What REALLY goes on in a job interview? Find out in the new revision of "Sweaty Palms: The Neglected Art of Being Interviewed" by Tony Medley, updated for the world of the Internet . Over 500,000 copies in print and the only book on the job interview written by an experienced interviewer, one who has conducted thousands of interviews. This is the truth, not the ivory tower speculations of those who write but have no actual experience. "One of the top five books every job seeker should read," says Hotjobs.com. Click the book to order. Now also available on Kindle.


Nightcrawler (9/10)

by Tony Medley

Runtime 117 minutes

OK for children.

Jake Gyllenhaal gives a tour de force as an unscrupulous “stringer” cameraman shooting violent nighttime news events in Los Angeles. Although it lasts almost two hours, it’s tightly written and directed by Dan Gilroy. I’m generally hard on movies that run longer than 90 minutes but I didn’t see anything that could have been cut.

It is a faithful production of Los Angeles TV news. The realism is even more profound because it was shot on location at KTLA, Channel 5 in Los Angeles, which is LA’s most iconic TV station. KTLA was the first commercially licensed TV station in the West (1947), and was the home of people like Daws Butler and Stan Freberg who were the principal actors in Time for Beany that started in 1949 (it was one of Albert Einstein’s favorite shows, and mine, too) on KTLA. If any station is loved by longtime Angelenos, it is KTLA, which was owned by Gene Autry from 1963-82 (Gene bought KTLA and radio station KMPC  for $12 million and sold them for $245 million).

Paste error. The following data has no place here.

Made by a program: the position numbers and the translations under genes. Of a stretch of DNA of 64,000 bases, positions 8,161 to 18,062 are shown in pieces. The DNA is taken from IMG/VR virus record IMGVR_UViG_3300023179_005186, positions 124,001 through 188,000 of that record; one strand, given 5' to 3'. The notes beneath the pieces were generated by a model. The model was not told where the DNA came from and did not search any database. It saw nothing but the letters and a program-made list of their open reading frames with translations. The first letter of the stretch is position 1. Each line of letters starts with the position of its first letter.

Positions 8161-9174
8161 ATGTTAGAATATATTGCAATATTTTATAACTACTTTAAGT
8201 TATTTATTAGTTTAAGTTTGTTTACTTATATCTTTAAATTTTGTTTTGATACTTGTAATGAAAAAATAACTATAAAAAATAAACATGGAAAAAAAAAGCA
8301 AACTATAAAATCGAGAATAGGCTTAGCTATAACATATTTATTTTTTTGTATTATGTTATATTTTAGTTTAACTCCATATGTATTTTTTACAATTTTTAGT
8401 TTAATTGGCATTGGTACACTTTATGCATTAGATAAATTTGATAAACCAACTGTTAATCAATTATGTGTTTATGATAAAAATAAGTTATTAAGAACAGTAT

Lou Bloom (Gyllenhaal) is a sneak thief who by chance falls into filming late night violence and selling his videos to local TV stations as an independent stringer. He meets Nina (Rene Russo), the 50-ish News Director at KWLA, who recognizes his “talent,” and jumps at the chance to use his graphic footage to raise KWLA’s ratings.

While Nina is a caricature, not unlike Faye Dunaway’s character who exploited Peter Finch’s “Mad as hell” character in 1976’s Network, she’s not quite as over the top as Faye, and is, therefore, a little more believable. As the movie progresses, however, the relationship between Lou and Nina develops to where there’s a question as to who is exploiting whom.

Lou hires an “apprentice,” Rick (Riz Ahmed), whom he shamelessly manipulates.

The progress of the film is exemplified by the car Lou drives. In the first part of the film when he’s starting out, he drives a blue Toyota Tercel and uses a basic hi def video camera. Then, when he gets successful, he suddenly appears in a red Challenger with a professional camera with a good microphone.

Another exceptional part of the movie is the car driving. Lou drives fast and scares the wits out of Rick. At the climax, there’s a chase through the streets of Los Angeles that, while relatively preposterous, is so well filmed that it elicits memories of the classic car chase in Bullitt (1968).

The terrific script is buttressed by atmospheric cinematography (Robert Elswit) and tension-enhancing music (James Newton Howard). It is also an homage to Los Angeles as there were approximately 75 different locations used during the filming.

October 21, 2014